- Once the group agreed on the sequence of steps they have formed, the facilitator connects the participants and their cards with string. Facilitator adds the fossil fuel cards, when appropriate, to emphasize the many energy intensive steps that it takes the potatoes to travel.
- Optional: The travel sequence may also be traced on the map [with markers or string] to further emphasize the distance traveled by the potatoes.
Repeat process using Local French Fry food chain. (Below)
Story of Conventional French Fries:
The potatoes are grown in a large-scale commercial farm in Idaho where synthetic fertilizers and pesticides are used. These fertilizers and pesticides were manufactured in Texas. After the potatoes are grown, they are harvested and shipped to a factory in Nebraska where they are cut and frozen into French fries. They are bagged and labeled and then shipped halfway across the country in a freezer truck to Trader Joe’s Central distributor in California. From the distributor they are shipped to Trader Joe’s Market in Oakland, CA, where a customer purchases them.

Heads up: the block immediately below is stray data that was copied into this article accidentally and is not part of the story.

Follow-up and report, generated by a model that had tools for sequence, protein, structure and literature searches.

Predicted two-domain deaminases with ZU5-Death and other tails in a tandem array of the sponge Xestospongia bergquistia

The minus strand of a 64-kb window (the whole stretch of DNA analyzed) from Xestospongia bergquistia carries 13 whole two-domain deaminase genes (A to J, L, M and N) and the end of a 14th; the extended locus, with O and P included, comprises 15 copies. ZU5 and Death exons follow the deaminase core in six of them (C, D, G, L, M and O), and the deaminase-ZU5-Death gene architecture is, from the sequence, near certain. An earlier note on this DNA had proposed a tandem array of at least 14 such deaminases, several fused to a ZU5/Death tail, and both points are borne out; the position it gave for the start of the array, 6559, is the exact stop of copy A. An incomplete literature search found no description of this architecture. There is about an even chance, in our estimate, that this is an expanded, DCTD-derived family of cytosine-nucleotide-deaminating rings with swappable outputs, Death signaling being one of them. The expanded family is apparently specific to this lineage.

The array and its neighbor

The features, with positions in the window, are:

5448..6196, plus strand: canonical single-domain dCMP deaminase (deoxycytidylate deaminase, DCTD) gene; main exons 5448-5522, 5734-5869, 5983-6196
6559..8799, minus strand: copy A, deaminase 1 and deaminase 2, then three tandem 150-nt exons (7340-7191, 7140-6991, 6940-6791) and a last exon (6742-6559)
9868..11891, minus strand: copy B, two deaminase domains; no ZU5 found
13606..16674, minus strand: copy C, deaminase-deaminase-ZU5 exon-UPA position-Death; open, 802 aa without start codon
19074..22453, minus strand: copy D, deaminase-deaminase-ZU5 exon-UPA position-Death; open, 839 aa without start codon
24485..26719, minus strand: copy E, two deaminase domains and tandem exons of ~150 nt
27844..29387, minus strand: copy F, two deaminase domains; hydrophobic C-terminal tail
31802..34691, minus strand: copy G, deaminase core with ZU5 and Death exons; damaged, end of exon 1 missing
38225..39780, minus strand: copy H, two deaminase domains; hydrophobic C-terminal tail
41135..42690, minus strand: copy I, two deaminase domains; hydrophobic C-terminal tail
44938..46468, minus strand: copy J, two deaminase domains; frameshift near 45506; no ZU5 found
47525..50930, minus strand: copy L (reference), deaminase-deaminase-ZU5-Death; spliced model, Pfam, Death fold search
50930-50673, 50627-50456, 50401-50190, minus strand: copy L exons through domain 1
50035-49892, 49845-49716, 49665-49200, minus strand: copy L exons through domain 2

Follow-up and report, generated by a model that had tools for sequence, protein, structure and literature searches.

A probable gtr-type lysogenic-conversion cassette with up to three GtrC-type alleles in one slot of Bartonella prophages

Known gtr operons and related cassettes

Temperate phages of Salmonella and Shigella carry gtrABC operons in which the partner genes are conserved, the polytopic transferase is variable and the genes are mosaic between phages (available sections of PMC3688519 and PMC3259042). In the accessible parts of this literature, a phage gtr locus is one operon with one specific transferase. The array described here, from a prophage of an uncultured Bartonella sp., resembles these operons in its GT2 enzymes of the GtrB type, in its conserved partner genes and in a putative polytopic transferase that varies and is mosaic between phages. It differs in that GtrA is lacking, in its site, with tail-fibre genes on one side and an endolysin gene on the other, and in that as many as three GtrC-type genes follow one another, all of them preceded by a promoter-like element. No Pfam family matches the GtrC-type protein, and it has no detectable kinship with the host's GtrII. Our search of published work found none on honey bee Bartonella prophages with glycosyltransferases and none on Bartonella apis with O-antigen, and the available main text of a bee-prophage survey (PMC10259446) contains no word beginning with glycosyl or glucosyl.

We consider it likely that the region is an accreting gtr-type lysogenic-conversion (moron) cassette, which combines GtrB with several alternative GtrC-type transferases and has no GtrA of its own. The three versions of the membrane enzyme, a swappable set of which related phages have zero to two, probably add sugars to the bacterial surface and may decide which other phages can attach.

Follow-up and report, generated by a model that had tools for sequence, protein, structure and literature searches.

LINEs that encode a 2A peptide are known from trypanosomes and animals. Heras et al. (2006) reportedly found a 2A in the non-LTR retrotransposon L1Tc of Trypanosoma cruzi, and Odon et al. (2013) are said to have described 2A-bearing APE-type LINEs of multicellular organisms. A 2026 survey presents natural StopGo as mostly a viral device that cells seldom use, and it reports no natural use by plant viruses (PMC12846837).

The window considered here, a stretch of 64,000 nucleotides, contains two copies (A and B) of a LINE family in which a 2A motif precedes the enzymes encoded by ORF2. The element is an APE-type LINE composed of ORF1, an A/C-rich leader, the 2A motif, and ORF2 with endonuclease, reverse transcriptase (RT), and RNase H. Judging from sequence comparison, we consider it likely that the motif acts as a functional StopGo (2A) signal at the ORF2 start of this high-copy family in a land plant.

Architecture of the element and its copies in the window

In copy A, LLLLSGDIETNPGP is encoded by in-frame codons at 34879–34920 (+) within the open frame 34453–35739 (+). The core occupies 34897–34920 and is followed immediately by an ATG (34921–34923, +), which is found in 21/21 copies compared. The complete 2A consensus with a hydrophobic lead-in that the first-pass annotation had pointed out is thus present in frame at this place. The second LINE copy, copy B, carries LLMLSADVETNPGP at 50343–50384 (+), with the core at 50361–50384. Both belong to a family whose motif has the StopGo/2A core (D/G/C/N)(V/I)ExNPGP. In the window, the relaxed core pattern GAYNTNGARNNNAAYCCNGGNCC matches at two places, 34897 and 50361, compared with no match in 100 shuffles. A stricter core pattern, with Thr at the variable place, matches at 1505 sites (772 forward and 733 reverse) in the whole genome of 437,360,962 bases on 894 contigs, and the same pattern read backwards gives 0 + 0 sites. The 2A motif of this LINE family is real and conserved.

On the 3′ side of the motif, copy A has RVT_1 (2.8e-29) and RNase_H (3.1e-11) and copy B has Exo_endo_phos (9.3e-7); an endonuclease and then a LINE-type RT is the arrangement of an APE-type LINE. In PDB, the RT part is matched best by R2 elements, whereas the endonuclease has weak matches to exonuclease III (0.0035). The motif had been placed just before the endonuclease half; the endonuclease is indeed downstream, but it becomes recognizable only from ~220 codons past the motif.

Story of Locally Produce French Fries
Local urban garden grows potatoes using compost and mulch from local farms. They use no-till raised beds rather than a tractor. They sell their potatoes at an Oakland Farmer’s Market. A consumer purchases some potatoes and goes home to cut and fry them up into French fries. They might even recycle the oil and make biodiesel!
20 Min Discussion
What are the main differences in the two systems?
What are some of the pros and cons of the food sourced nationally or internationally versus food grown locally?
How does either of these systems affect the environment? Energy? Waste? Jobs?
Brainstorm in session– Facilitator or designated person write answers on butcher paper.
What can you do individually to change food systems?
What can we do together to change food systems?
What can society do to change food systems?
(Provide examples if group is stuck)
15 Min Evaluation
Thank the group for their participation. Remind them that this is a pilot process and we are
looking for their input to improve the training. Create a list for both strengths and areas of
5 Min Check-out